Five Questions with Graduate Student Alumnus Bruce Aidells (PhD, Biology)

Bruce Aidells talks cooking, writing and the importance of being open to whatever opportunities present themselves during grad school.

May 08, 2014

By Andrew Pilecki, Doctoral Candidate, Psychology Department 

Bruce started making sausage while doing a postdoc in the United Kingdom. "My girlfriend and I started to make our own sausage because we didn't like British sausage...I really enjoyed doing that."
You can check out Bruce's latest book "The Great Meat Cookbook" here.

1. In what ways did your time as a graduate student at UCSC help you prepare for your later endeavors?

It was the opportunities that UCSC offered me above and beyond the lab. It was all about seizing those opportunities that came along. My social circle as a graduate student was mainly the biology department. I became more involved with the colleges when a wine tasting course was offered at Crown College, which was an opportunity that I could not pass up. It was an amazing experience. It was the early 1970s so we were able to try some great wines—that were also cheap. For me though, my connection to Kresge was the most important. I started getting involved with Kresge before it was even officially a college. I joined a group of students on the college planning committee and I eventually volunteered to cook for a weekend retreat the committee was having at a local Boy Scout camp. Eventually I found myself designing and running a restaurant at Kresge in a converted married student apartment. I wasn't allowed to pay myself, though, because as a TA I was not allowed to earn over a certain amount, but I hired my girlfriend at the time so we were able to support ourselves that way. I was involved with the restaurant, called Fat Albert's Rotunda, for a six month period and let's just say my work in the lab was put on hiatus. One day, my advisor at the time, Chuck Daniels, asked me "Are you ever going to graduate?" Needless to say I did.

The discovery of my entrepreneurial instinct was accidental and it came from these outside interests. My family ran a small business and as a child I hated it; I had to work there during the summer. One of the reasons why I became a scientist was so that I didn't have to go into business! But sometimes opportunities cross your path in unexpected ways. For example, after my PhD I did a five year post doc in London doing cancer research. My girlfriend and I started to make our own sausage because we didn't like British sausage—it was pasty and dry because they use too much bread. I really enjoyed doing that. I eventually did get a tenure track position at the National Institute of Health (NIH), but I wasn't that happy there so I eventually got a postdoc at Berkeley. I should have known the writing on the wall for my academic career when the funding dried up at Berkeley; I realized then that I was a better cook than scientist. I became the chef at Poulet, a restaurant in the area, where I learned that I was not employable so I needed to do my own thing—because I didn't want to work for anybody again.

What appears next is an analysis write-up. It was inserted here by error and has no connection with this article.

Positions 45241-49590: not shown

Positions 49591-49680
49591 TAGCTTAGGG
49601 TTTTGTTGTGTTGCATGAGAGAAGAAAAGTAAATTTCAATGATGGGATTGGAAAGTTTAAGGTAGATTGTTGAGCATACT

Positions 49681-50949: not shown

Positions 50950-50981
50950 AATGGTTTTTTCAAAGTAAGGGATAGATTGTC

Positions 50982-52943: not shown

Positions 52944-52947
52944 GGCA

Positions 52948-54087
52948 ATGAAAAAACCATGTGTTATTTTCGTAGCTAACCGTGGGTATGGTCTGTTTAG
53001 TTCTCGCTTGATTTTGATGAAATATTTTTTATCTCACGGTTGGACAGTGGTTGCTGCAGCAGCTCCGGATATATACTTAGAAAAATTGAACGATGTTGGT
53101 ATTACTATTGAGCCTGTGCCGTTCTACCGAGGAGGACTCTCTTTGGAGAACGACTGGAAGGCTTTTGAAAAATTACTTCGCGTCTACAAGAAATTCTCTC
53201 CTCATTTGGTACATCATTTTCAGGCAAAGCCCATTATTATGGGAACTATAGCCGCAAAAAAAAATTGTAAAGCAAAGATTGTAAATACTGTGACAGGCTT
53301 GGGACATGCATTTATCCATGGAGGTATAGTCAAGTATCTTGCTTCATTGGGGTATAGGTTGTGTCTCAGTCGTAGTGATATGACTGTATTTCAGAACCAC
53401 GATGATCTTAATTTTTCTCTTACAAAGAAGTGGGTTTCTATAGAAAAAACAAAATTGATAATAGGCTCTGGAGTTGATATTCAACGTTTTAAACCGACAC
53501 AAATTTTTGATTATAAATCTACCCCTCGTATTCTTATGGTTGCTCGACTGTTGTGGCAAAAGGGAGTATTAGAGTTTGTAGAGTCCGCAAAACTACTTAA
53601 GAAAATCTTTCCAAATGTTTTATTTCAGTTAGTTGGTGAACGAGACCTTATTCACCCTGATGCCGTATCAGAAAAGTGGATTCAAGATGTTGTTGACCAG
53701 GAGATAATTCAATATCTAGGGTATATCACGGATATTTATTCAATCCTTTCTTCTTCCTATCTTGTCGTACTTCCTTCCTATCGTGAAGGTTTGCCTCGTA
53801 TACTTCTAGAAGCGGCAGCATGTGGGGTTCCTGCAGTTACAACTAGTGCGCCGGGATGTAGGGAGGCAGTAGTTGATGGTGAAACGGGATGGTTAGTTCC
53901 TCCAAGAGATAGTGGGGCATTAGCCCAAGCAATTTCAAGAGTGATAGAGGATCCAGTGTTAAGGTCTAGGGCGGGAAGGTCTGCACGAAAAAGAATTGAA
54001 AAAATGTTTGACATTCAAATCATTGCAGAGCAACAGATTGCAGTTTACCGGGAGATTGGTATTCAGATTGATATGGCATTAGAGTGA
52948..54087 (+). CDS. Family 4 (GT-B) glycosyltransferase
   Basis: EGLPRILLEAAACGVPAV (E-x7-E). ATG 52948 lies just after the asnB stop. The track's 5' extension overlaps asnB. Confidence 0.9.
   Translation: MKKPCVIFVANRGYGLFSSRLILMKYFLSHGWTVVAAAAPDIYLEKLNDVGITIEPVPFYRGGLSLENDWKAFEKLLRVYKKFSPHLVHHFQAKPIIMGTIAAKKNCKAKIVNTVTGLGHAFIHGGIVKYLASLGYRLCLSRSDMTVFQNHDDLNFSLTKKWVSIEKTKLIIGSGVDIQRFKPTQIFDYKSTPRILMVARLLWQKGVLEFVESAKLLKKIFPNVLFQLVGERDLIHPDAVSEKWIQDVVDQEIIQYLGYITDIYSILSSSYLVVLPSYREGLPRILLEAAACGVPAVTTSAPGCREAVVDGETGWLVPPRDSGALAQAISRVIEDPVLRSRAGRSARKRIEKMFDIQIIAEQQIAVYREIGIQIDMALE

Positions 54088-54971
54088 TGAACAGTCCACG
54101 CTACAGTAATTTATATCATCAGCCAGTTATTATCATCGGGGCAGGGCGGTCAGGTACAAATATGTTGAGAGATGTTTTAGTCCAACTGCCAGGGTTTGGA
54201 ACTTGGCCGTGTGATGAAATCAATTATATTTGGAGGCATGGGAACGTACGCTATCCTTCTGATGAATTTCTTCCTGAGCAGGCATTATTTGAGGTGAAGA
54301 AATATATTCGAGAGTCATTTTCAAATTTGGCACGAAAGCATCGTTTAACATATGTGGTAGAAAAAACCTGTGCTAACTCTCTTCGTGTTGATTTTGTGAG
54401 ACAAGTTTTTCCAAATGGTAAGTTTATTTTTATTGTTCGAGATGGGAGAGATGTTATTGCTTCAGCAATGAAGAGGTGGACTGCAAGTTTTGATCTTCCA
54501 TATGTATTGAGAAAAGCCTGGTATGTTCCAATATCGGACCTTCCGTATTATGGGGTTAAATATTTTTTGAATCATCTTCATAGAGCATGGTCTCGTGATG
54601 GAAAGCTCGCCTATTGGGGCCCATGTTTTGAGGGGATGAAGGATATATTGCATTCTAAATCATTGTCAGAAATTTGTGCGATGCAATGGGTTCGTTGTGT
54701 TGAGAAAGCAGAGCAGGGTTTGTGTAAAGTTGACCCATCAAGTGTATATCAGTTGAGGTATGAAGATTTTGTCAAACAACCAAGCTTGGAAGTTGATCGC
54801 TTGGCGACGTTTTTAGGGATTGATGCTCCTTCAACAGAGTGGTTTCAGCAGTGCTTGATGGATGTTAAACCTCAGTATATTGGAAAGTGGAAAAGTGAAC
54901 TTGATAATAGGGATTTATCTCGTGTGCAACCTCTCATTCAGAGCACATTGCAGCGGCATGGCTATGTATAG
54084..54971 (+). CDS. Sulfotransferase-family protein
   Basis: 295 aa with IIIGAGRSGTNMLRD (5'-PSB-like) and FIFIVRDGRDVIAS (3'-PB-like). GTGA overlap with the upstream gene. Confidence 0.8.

2. In what ways did cooking and your passion for food help you get through graduate school?

Aside from the restaurant, I did some catering too. It helped financially, a little, of course. These other opportunities took me out of the insular nature of graduate work. It got me in touch with the real world and these extracurriculars allowed me to take advantage of the opportunities found in the non-campus community surrounding the university.

3. It’s 9 o’clock on Friday night, where would we be most likely to find you and what will you be doing?

Back then we had a wonderful typical Friday. The Catalyst was a happening place and a group of us would go there for happy hour in the late afternoon, grab a bite to eat and then come back. Nowadays, you will most likely find my on a Friday night feeding my dog and watching my mystery shows on PBS.

Bruce cooking4. You have written 11 cookbooks and have even more authored research papers on the topic of breast cancer. Who’s easier to deal with: cookbook editors or journal editors?

I never had much contact with journal editors. Sometimes your papers would get rejected and you weren't given a reason or any feedback. Cookbook editors are much more on your side—they have a publishing contract with you so they want to help get your book to a place where they can sell it and make money. I didn't really like to write until I started writing the way I talk. Academic writing doesn't really allow for that because it is so stilted.

I am still interested in what I researched, though. I researched progression, which is how a tumor goes from being controllable with hormones to malignant. The science section of the New York Times is pretty good and I like to read about new developments in the field. I am happy that other people are still researching this topic.

5. Any last words of advice for current grad students in biology?

The best science inspiration doesn't come from the lab, it comes from the conversations that you have at the pub. Don't ignore all the outside activities a university provides and get involved.

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